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The Effect of Guided Observation on Learning Outcomes in Simulation-Based Learning Jamil Norman

By: Norman, Jamil.
Contributor(s): The University of Texas at Tyler.
Material type: TextTextPublisher: Tyler, Tex. University of Texas at Tyler 2012Description: vi, 93 pages.Subject(s): Vocational evaluation | Experiential learning | Nursing--Study and teaching (Graduate) | NursingOnline resources: Dissertation Dissertation note: Dissertation (PhD) - University of Texas at Tyler, 2012. Summary: Nurse educators have been faced with the challenge of providing adequate clinical preparation for nursing students. Implementation of simulation-based learning (SBL) has been used to meet these challenges. Current research indicates that students and faculty are both satisfied with simulation; however, faculty concerns with improving student learning during SBL have led to a research intervention on the use of an Observation Guide. The purpose of this research was to examine differences in knowledge, self-confidence, satisfaction, and collaboration between baccalaureate nursing students using an Observation Guide when observing a simulated clinical experience (SCE) and those observers without an Observation Guide. Additionally, to meet the challenges of large class sizes and decreases in faculty, the 2-minute drills were formulated to incorporate SBL into the large lecture format. The purpose of the 2-minute drills is to bridge the gap between didactic and clinical learning. Implementation of an Observation Guide and the 2-minute drills were designed to engage the student observer and modify simulation in order to accommodate large numbers of students. These methods contribute to meeting challenges faced by nurse educators.
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Item type Current location Collection Call number URL Status Date due Barcode
UT Tyler Dissertation UT Tyler Online
Online
University Archives & Special Collections RT75 .N67 2012 (Browse shelf) http://hdl.handle.net/10950/76 Available 851595142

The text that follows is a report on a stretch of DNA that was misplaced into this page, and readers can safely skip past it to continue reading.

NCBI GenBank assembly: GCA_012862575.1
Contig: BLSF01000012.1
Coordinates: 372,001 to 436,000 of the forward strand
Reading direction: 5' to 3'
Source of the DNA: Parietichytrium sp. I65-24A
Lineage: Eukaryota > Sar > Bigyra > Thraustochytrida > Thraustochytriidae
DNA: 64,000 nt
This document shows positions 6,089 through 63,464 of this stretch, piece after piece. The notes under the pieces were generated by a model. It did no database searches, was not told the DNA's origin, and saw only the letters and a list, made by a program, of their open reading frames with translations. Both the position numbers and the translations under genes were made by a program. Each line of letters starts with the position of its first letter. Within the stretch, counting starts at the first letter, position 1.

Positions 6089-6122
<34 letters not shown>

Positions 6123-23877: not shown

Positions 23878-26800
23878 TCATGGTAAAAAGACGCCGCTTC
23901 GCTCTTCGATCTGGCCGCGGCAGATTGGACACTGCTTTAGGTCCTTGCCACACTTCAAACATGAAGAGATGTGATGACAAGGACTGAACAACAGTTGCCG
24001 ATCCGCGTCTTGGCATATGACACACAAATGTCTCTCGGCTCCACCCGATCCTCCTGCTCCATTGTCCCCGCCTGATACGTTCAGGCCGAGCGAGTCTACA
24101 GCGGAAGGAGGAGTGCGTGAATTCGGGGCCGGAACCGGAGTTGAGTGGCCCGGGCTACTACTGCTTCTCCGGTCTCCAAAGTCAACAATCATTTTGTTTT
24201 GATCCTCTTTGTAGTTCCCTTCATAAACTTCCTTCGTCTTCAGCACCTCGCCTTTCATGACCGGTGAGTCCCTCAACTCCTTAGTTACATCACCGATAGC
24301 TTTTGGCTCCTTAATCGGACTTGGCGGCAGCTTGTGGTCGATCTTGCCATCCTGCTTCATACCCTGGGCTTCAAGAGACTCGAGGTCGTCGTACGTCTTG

Dissertation (PhD) - University of Texas at Tyler, 2012.

Nurse educators have been faced with the challenge of providing adequate clinical preparation for nursing students. Implementation of simulation-based learning (SBL) has been used to meet these challenges. Current research indicates that students and faculty are both satisfied with simulation; however, faculty concerns with improving student learning during SBL have led to a research intervention on the use of an Observation Guide. The purpose of this research was to examine differences in knowledge, self-confidence, satisfaction, and collaboration between baccalaureate nursing students using an Observation Guide when observing a simulated clinical experience (SCE) and those observers without an Observation Guide. Additionally, to meet the challenges of large class sizes and decreases in faculty, the 2-minute drills were formulated to incorporate SBL into the large lecture format. The purpose of the 2-minute drills is to bridge the gap between didactic and clinical learning. Implementation of an Observation Guide and the 2-minute drills were designed to engage the student observer and modify simulation in order to accommodate large numbers of students. These methods contribute to meeting challenges faced by nurse educators.

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